Creator: Lamar, Marlys Camille
Partner: UNT Libraries

Historical Changes in Elderly Cohorts' Attitudes toward Mental Health Services

Description: Older adults' attitudes toward mental health services have received little research attention. Overall, older adults are thought to hold relatively negative attitudes. In this study, Analysis 1 investigated historical shifts in attitudes toward mental health services among three independent samples of older adults, separated by 14-year and 9-year intervals (1977 sample, N = 90; 1991 sample, N = 101; 2000 sample, N = 99). Analysis 2 compared two samples of older and younger adults, each separated by a 9-year interval (Older Adults: 1991 sample, N = 93; 2000 sample, N = 91 and Younger Adults: 1991 sample, N = 131; 2000 sample, N = 147). Participants completed a questionnaire containing five, internally consistent scales assessing multiple dimensions of mental health attitudes (Openness, Biases, Range of Knowledge, Breadth, Help Seeking Attitudes). Analyses suggested that the 1991 and 2000 samples of older adults had more positive attitudes than did the 1977 sample. However, a sustained trend for more positive attitudes beyond 1991 was not seen. In fact, no differences existed between 1991 and 2000 samples with exception of two. Older and younger adults together had lower Biases and Breadth scores in 2000 than in 1991. Age effects, gender effects, and interactions were also examined. Possible historical influences were discussed along with implications for the delivery of mental health care to future cohorts of older adults.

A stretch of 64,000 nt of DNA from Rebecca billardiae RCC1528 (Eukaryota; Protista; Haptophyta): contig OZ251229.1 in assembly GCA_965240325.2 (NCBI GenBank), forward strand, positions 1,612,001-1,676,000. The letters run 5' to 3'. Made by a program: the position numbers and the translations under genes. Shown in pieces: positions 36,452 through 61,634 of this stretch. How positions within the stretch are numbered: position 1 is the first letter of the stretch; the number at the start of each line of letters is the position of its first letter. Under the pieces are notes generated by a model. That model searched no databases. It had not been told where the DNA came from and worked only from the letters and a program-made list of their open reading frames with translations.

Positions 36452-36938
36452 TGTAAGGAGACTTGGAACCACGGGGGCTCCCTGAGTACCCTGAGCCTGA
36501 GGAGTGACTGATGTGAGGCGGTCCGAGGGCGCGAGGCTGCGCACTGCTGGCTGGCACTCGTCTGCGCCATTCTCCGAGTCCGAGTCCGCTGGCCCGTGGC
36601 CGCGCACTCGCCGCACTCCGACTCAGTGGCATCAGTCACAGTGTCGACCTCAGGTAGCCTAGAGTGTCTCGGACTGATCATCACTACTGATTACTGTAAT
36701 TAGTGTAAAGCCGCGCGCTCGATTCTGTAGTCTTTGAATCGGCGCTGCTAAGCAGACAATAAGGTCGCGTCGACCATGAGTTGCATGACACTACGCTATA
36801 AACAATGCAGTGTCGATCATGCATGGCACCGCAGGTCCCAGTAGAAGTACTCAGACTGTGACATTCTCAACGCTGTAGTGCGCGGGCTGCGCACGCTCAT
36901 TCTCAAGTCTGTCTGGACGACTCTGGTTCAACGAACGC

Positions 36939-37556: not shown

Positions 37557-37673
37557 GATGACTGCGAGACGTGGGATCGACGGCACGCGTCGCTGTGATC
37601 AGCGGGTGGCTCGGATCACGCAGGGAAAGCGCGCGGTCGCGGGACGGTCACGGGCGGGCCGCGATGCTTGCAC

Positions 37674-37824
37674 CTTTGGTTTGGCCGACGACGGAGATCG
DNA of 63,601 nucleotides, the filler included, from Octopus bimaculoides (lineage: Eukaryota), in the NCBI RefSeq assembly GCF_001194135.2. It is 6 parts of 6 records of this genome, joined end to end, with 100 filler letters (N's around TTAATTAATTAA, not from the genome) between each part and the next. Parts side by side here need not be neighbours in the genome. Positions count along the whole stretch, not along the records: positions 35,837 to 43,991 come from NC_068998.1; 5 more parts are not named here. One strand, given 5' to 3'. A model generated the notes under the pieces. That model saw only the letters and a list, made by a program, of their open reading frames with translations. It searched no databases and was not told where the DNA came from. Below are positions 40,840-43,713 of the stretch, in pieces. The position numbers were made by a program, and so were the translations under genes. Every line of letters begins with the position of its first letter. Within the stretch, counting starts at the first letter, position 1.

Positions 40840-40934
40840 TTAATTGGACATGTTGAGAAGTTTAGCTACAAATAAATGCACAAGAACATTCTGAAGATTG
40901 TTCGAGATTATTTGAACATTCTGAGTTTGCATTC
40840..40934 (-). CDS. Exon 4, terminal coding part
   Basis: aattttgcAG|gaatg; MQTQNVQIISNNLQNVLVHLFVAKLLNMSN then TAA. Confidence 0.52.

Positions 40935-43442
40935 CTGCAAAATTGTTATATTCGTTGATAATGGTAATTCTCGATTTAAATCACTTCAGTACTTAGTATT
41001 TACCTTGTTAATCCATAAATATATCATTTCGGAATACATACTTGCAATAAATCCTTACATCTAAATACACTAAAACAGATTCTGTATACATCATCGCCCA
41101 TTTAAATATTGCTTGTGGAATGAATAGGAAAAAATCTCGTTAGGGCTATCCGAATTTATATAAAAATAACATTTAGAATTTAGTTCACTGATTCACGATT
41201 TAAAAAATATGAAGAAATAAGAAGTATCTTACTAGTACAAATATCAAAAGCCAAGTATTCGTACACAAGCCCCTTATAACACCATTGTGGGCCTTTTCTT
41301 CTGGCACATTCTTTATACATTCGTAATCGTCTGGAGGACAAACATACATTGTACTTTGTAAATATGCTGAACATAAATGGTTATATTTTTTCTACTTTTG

Date: August 2001
Creator: Currin, James B.
Partner: UNT Libraries

The Relationship of Parental Attachment, Peer Attachment, and Self-Concept to the Adjustment of First-Year College Students